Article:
The Pleasant Hill School Bus Tragedy - On the plains of 1931 eastern Colorado, a small busload of children survive a heinous winter’s storm
|The bus after it was emptied of children. Notice the back is filled with snow because of the missing windows.|
The children boarding the makeshift school bus were singing and laughing. They had been let out of school early and were planning on being under a gorgeous blue sky, not inside a humdrum schoolhouse learning sums. When the last child settled onto the bench, the engine of the 1929 blue Chevrolet roared to life. Excited kids giggled and waved to the kids boarding the second bus, thinking of the adventures to come. What they could not fathom was the horrors that would follow. It was Thursday, March 26, 1931, and the date is a part of morbid Colorado history called the “Pleasant Hill School Bus Tragedy.”
Pleasant Hill, located in Kiowa County, eastern Colorado, was a farming community on the plains, made livable by hardworking folks who believed in honesty, hard work, and helping your neighbor. Only one of the farmhouses had a telephone in March 1931, and none of the homes had electricity. Families survived on little and what they did have, they shared: if a farmer butchered a hog, it was separated equally between neighbors. If someone’s chickens lay better than other’s, eggs were divided. The children were raised with the same ethics; no strangers to hard work: milk cows, pump water, gather eggs, and help around the home, all before it was time for school.
1931 had a bitter winter, where attic windows burst open from howling winds and filled with snow. So when March 26 opened under beautiful blue skies, it felt like springtime had come. Some children eschewed coats for school. Others donned light sweaters. Sure, clouds were forming in the distance, but it was a beautiful day.
Farmer Carl Miller picked up the children on his driver’s route. During the summer, he used his blue 1929 Chevrolet for hauling hay. During the winter it served as one of the two school buses for Pleasant Hill School, and he made extra money as a driver. Carl’s bus was one of two routes; one ran east, the other ran west. There were two rough-hewn wooden benches in the back for 20 kids to share, with enough room to store their metal lunch pails under the benches on the floor. The back windows were missing, so Carl had placed cardboard inside the frames. The truck was about the size of today’s minivans.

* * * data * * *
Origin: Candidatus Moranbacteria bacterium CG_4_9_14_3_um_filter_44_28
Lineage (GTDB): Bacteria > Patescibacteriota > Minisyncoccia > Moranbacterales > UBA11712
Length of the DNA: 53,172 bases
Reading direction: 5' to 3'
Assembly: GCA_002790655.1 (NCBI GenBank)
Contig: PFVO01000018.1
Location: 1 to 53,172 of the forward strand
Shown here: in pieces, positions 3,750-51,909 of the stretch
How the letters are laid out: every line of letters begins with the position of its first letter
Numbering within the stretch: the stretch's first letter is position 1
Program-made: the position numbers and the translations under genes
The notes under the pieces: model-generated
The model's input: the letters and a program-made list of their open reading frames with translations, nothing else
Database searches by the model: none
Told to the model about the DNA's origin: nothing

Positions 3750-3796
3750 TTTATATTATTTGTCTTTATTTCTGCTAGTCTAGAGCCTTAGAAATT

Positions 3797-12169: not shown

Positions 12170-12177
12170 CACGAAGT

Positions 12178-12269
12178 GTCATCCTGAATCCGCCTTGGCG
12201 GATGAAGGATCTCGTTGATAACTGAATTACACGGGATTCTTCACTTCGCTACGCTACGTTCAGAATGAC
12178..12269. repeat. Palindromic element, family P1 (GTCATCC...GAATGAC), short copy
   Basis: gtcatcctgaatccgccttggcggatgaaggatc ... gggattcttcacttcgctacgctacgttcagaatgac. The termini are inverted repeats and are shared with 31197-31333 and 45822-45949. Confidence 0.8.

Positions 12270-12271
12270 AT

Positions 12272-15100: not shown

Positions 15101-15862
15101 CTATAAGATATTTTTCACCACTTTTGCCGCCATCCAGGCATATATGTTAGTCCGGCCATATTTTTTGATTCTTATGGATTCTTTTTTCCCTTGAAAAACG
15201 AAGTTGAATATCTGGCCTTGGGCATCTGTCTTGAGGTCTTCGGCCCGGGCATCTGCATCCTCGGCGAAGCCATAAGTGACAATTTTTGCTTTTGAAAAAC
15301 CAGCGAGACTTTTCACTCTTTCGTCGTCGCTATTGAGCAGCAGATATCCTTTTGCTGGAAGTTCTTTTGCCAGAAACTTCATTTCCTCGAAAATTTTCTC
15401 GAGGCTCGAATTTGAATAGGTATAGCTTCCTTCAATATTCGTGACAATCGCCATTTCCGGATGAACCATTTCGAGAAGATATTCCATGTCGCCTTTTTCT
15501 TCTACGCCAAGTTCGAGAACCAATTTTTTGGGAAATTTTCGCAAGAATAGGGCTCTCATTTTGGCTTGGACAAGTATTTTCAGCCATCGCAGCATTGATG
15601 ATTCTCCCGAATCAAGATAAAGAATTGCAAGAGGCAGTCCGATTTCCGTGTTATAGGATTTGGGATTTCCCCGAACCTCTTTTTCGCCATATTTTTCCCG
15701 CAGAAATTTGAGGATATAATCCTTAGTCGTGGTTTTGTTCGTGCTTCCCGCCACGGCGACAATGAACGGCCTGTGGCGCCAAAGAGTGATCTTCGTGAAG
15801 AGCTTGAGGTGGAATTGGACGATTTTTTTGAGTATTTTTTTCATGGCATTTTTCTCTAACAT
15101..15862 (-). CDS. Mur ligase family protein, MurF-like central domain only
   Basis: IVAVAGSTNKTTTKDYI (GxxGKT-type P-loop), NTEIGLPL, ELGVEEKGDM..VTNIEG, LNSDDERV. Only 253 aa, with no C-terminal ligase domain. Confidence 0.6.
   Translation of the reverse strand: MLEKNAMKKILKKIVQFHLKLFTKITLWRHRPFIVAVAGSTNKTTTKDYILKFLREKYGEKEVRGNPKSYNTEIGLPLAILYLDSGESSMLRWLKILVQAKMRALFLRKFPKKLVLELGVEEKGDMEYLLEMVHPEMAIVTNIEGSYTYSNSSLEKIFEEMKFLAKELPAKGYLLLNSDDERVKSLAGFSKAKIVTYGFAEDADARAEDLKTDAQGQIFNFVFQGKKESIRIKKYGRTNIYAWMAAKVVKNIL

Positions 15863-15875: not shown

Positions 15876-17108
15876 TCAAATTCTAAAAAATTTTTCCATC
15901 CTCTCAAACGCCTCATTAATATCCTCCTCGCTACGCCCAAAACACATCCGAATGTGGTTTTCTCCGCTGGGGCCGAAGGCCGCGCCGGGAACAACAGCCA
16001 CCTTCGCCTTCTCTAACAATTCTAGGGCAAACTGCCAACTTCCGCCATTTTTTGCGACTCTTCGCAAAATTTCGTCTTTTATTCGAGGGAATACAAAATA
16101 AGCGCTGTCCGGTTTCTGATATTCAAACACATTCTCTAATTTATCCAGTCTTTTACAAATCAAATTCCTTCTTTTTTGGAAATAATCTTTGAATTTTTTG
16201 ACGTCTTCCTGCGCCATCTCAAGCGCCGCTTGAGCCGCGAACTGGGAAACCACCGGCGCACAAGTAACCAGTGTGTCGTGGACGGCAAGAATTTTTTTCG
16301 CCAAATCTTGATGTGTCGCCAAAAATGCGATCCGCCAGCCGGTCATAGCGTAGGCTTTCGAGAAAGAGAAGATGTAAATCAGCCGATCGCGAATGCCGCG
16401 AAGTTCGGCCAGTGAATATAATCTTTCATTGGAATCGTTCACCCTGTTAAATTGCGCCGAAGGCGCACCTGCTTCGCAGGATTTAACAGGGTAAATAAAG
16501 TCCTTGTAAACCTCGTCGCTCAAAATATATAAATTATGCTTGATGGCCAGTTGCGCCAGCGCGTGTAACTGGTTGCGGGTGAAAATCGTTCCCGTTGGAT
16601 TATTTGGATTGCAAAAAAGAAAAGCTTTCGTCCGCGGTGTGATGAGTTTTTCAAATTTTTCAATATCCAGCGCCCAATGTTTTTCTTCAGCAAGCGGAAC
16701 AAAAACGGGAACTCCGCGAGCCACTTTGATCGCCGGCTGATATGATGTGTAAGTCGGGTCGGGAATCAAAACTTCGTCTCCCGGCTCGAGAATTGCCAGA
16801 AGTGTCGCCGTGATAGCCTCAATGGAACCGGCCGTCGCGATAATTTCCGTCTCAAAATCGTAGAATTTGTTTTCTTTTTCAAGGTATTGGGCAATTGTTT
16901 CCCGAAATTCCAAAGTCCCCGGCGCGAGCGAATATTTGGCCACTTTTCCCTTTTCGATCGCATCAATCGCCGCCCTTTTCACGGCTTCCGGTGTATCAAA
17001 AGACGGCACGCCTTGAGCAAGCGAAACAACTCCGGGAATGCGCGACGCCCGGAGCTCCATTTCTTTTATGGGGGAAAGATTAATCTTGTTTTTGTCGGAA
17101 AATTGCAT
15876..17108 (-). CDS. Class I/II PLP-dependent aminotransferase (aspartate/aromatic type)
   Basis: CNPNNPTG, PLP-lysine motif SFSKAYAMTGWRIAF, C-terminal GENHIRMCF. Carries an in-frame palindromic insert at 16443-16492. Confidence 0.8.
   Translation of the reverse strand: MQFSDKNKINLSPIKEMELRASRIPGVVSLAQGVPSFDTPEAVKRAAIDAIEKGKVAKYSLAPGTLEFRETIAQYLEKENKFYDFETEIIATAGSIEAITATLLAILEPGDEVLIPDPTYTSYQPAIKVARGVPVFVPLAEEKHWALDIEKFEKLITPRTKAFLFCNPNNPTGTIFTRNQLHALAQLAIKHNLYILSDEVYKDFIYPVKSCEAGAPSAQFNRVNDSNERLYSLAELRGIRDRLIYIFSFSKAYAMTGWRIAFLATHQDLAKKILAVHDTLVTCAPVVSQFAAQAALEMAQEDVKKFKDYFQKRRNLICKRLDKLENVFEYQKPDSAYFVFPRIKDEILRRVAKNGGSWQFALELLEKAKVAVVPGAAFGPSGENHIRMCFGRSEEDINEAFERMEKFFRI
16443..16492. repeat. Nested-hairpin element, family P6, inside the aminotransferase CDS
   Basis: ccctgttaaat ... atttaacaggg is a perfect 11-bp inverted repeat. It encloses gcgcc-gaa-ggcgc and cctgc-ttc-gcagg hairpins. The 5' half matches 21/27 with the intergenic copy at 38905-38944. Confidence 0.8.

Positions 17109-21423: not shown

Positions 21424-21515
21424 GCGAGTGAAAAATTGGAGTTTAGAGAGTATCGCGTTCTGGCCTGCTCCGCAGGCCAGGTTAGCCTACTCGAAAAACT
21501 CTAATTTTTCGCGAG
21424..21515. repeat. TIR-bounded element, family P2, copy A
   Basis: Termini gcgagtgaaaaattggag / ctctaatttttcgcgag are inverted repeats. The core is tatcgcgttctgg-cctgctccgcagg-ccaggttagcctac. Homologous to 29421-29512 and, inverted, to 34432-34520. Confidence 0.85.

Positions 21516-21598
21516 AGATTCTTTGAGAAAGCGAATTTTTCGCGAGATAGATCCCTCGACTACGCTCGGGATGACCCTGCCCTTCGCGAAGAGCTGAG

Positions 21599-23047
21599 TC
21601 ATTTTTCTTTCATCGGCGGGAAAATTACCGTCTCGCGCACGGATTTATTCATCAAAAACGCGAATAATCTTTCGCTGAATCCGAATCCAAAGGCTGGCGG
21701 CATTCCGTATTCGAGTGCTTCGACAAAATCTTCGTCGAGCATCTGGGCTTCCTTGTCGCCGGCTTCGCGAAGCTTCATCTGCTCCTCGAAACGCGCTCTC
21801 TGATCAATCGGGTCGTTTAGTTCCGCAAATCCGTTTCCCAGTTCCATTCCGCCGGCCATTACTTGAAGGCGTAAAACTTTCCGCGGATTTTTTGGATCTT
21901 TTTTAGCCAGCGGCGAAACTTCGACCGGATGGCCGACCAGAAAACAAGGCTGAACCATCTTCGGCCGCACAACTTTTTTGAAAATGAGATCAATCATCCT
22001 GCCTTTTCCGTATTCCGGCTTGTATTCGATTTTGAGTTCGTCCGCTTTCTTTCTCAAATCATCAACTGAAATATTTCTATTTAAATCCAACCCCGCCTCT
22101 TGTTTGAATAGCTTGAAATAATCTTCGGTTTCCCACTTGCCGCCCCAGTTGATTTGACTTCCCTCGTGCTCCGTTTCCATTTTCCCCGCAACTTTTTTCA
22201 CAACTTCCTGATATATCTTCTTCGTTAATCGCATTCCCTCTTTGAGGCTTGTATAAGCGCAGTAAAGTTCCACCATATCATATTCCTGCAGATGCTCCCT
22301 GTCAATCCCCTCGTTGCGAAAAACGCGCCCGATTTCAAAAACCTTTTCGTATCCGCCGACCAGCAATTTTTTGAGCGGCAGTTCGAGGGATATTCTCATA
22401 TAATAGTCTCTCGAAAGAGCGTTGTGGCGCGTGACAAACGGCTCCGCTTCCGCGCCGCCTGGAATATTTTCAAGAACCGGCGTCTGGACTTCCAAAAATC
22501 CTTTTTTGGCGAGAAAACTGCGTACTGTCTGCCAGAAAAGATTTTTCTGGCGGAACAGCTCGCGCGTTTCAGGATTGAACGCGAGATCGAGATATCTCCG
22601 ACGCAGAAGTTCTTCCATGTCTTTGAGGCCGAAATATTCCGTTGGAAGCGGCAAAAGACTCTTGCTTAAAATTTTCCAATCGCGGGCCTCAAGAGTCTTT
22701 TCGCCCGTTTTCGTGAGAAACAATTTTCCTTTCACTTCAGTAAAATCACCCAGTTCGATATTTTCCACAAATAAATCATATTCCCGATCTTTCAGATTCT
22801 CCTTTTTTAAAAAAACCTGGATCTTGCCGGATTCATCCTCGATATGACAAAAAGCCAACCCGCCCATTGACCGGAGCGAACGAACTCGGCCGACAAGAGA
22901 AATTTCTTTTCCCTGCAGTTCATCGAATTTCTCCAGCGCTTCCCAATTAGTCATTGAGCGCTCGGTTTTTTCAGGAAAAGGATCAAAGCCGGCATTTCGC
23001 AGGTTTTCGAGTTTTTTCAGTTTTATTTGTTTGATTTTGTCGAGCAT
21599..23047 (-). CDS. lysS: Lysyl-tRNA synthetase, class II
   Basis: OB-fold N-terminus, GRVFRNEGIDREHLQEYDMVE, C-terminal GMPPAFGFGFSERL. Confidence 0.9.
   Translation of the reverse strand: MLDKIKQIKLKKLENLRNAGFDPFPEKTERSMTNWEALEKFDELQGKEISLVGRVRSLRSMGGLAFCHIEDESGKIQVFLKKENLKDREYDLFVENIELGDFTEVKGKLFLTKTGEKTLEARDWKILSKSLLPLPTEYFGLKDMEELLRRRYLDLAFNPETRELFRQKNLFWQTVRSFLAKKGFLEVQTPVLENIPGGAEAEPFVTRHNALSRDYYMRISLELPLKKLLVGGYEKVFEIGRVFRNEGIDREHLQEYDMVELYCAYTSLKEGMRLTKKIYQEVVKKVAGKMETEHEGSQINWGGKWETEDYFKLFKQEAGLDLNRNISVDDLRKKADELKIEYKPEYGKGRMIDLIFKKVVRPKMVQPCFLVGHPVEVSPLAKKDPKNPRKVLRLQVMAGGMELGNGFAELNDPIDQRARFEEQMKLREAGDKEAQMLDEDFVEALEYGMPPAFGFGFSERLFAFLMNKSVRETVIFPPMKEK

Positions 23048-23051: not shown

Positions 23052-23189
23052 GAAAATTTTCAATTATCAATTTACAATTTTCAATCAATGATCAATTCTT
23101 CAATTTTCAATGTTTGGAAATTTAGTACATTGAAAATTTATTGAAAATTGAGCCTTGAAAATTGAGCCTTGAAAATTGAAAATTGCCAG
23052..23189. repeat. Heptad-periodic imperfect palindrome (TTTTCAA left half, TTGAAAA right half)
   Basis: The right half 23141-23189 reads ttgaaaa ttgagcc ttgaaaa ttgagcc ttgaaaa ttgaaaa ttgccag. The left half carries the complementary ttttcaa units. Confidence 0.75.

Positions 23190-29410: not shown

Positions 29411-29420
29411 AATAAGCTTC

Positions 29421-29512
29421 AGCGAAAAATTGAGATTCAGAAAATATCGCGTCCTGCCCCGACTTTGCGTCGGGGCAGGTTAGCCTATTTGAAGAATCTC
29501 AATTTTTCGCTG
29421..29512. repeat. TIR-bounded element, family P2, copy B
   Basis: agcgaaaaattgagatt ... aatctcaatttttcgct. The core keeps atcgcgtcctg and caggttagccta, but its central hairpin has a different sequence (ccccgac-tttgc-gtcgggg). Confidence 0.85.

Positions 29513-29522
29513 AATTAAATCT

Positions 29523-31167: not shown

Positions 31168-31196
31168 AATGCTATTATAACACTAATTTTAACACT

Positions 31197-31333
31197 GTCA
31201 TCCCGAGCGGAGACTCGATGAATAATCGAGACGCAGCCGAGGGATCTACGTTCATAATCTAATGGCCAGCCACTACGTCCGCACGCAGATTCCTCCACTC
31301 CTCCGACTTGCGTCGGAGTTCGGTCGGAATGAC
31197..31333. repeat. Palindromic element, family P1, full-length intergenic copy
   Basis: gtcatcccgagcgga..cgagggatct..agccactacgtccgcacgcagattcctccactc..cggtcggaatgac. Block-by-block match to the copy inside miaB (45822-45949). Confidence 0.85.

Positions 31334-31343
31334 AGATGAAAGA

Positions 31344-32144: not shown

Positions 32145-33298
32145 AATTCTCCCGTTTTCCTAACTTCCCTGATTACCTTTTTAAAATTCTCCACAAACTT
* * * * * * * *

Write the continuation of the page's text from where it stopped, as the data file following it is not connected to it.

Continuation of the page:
Carl Miller greeted each child as they boarded the bus. In this small community, everyone knew each other. He most likely asked each child about their families, general questions. While it was polite to discuss generalities, it was not considered proper to share feelings or voice private matters.
School started in the one-room Pleasant Hill schoolhouse, but the two teachers compared notes and watched the dark clouds welling up, appearing just as quickly as their students piled into seats. By the time class started, the snow was coming down heavily. Gone was the promise of an early spring.
There was no food or blankets stored in the school. The students had their lunch, but no other means of sustenance. It was determined everyone should go home. The announcement was met with much happiness from the student body.
As quickly as they had exited, now the students boarded the buses. As the norm, they placed their lunch pails under the benches on the floor of the bus. Carl Miller fired up the blue Chevrolet and they were on their way.
But the snow was falling thicker and faster. Carl called out to his passengers to try to look out the windows to help navigate. Their usual route became a blanket of white, and it was near impossible to find the dirt road. Carl decided it best to take a short cut. It would cost him, and several of his passengers, the highest price.
It took only fifteen minutes for the driver to become lost. Forty-mile an hour winds pushed the heavy snow against the old truck. Ice now coated all of the windows. The snow and wind blew out the rear window’s cardboard covers. And when Carl attempted to turn the bus, the rear wheels slid into a ditch and refused to move. Carl did not know it at the time, but the bus was one mile from the schoolhouse and a half-mile from the closest farmhouse. By now the weather created a total whiteout.
But the children were oblivious. Bad weather and danger were just a part of life. They sang and laughed, still talking about spending the day in a warm house. Their bus driver had to explain to them that the bus was not moving. It was at about 9:30 a.m.
The children’s ages ranged from eight to sixteen. The two oldest, a boy and girl, bundled up to go look for help. As they disappeared out the door, Carl kept the youngsters busy by having them do jumping jacks, shadowboxing, and dancing about. He was hoping it would keep their body temperatures up. It wasn’t long before the boy and girl returned, breathless. The storm had slammed them back. The weather was just too horrific.
The children were becoming exhausted with all the movement; they just couldn’t play or exercise any longer. Their lunch pails had frozen to the floor of the bus, so there was no food. Exhaustion set in on the little bodies. They tried a game where they slept in short shifts, where they took turns calling out to one another. Now snow had piled to the roof in the back of the bus. And the weather had not let up.